We often say the Civil War transformed the lives of its participants. If so, we must certainly say this of Hector Tyndale, the man who recovered John Brown’s body. In his case, a simple act of kindness altered his reputation forever. It began on December 1, 1859, just twenty-four hours before John Brown met his maker on the Charles Town gallows. Mary Ann Brown, wife of the condemned abolitionist, entered the city of Philadelphia, stricken with anguish, finding a particularly unhelpful city. Many Philadelphians called Brown a fanatic, declaring that he had brought the nation to the brink of disunion. Distraught and fearful for her life, she found comfort with two friends, James Miller McKim and his wife, Sarah Allibone McKim. The McKims expressed their concern, worrying that if Mary Brown went alone to Virginia to collect her husband’s remains, she might meet foul play. Miller McKim wanted a brawny man to accompany her. Sarah McKim suggested the husband of one of her friends, Hector Tyndale. It was an odd choice. Although he hated slavery, Tyndale was not—and had never been—a true abolitionist. Yet, Tyndale’s wife, Julia Nowlen Tyndale, counseled him to go. It did not matter what Brown had done, Julia Tyndale explained, no widow should have to face the hatred of her husband’s killers without adequate protection. With that logic, Tyndale made haste to Virginia. His mission: retrieve the body of John Brown.
Hector Tyndale, the man who retrieved John Brown's body, shown here as bvt. major general. John McLaughlin, A Memoir of Hector Tyndale (1882)
Tyndale’s abolitionist entourage arrived at Harpers Ferry that evening, and there, the four northerners patiently awaited the return of the remains. Tyndale paced all morning, and at one point, he heard the crack of a gunshot and the zip of a bullet. Spinning around, he saw no one, but knew he had barely escaped assassination. At 9:00 P.M., Sheriff James Campbell arrived with a crude coffin, and Tyndale insisted that it be opened so that Mrs. Brown could identify the remains. The sheriff unleashed an oath of imprecations, wrathfully complaining that Tyndale dared to suggest that he or anyone associated with the hanging had removed or defaced the body. Tyndale remained resolute. Campbell opened the casket. Mrs. Brown identified the corpse as that of her husband, and with that morbid task accomplished, the funeral cortege sealed the coffin a second time, setting off the next morning, December 3.
The train bearing Tyndale and Brown’s body rumbled into Philadelphia at 12:45 P.M. When Tyndale looked outside, he saw Mayor Alexander Henry and a squad of police there to meet him. Mayor Henry explained that a large crowd had assembled outside the depot, apparently eager to see the corpse, for good or ill. An ugly scene occurred. Henry demanded that the body leave Philadelphia immediately, but Tyndale argued that it would be indecent to issue such an order. Pushing Mayor Henry aside, Tyndale invited Mary Brown to lean on his arm, and with her face covered in a plaid blanket shawl, they exited the train, followed by the McKims. Tyndale and Brown passed through the crowd unnoticed, entered Washington Avenue, walking as far as Eleventh Street, where they caught a railway car that took them to the residence of Edward Hopper, an abolitionist who lived on Arch Street.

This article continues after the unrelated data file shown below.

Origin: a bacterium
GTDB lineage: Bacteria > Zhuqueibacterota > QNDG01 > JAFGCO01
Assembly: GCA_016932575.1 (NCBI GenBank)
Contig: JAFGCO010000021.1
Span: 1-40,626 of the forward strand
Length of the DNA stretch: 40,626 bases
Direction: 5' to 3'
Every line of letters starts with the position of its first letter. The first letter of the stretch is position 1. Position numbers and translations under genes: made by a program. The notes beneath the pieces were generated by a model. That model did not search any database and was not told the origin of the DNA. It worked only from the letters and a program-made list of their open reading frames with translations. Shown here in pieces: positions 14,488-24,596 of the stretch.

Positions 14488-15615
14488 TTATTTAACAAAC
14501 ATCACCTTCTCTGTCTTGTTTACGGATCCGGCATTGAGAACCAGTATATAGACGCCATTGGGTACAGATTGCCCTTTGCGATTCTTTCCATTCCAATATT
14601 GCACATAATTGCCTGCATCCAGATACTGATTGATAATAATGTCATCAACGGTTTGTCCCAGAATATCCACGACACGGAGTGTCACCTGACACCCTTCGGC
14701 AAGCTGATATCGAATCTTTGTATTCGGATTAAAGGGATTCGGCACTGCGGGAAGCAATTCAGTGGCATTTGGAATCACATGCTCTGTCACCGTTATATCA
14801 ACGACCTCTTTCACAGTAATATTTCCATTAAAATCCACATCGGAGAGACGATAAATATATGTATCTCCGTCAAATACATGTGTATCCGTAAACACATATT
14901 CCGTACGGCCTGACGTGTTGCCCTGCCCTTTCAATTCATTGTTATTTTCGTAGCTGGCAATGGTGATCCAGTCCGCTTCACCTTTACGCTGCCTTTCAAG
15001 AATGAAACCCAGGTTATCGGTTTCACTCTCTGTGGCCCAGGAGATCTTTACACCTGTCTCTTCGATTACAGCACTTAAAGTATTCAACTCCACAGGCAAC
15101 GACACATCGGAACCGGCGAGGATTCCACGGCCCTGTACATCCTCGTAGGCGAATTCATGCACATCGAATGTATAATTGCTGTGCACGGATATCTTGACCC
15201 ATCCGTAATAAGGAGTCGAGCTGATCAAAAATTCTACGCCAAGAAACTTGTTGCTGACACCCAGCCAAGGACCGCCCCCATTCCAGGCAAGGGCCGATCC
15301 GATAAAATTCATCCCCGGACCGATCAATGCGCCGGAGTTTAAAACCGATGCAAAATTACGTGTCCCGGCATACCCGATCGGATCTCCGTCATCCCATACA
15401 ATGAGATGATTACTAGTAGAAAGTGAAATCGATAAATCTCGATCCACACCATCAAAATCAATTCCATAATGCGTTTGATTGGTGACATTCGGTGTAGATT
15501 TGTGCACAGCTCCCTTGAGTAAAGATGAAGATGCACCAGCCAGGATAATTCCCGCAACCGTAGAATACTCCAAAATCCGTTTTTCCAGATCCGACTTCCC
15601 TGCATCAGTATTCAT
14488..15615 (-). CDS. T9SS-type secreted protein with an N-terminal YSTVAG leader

This left Mayor Henry with the grim task of dealing with the unruly crowd, some of whom wanted to vandalize the body. Henry expected the passage of John Brown’s remains through Philadelphia would “lead to a scene of indignity and indecency, extremely discreditable to our citizens, and painful to the friends of the deceased.” He executed a curious plan, one that had been devised by Tyndale, apparently. Henry instructed his officers to requisition a wagon from the rail yard. The policemen put a tool box into the flat-bed and covered it with a horse blanket, such that it now bore the appearance of a sealed coffin. The officers took position on the wagon and drove it down Broad Street. A reporter explained, “The scene was one of ludicrous description. It seemed as if all the boys and negroes in town were in full speed. A number of women were in the crowd and joined in the hue and cry.” The crowd pursued the wagon as it wended its way to the Delaware River. It came to rest at Walnut Street Wharf, where those who persisted in following it discovered the mayor had hoodwinked them.
Mayor Alexander Henry, the politician who resisted the arrival of John Brown's body into Philadelphia. Frank H. Taylor, Philadelphia in the Civil War (1913)
Meanwhile, Mayor Henry accompanied the real coffin to Camden Depot, where Tyndale, Mary Brown, and a committee of five abolitionists joined him. One member of the committee, Reverend William H. Furness, insisted that Brown’s body spend the night in the hands of an undertaker, but Mayor Henry repeated his plea that it leave immediately. Tyndale tried to resist the mayor a second time, but now he relented. He and Miller McKim agreed to accompany Mrs. Brown and the remains to its ultimate destination, a farm house in North Elba, New York. With that, they boarded a new train and sped off. When Tyndale returned later that month, he faced public ostracism. Although he had never known John Brown personally, and although he had never voiced approval of the raid on Harpers Ferry, Tyndale became a pariah. Some friends—people who had known Tyndale for years—utterly refused to speak to him. He had never been an abolitionist, but by 1860, he was now a de facto member of John Brown’s army. In July, he left for Europe, and stayed there for a year, returning in May 1861—at some pecuniary loss—to join the war effort. Perhaps Tyndale then realized the mere act of consoling a grieving widow had altered his life forever.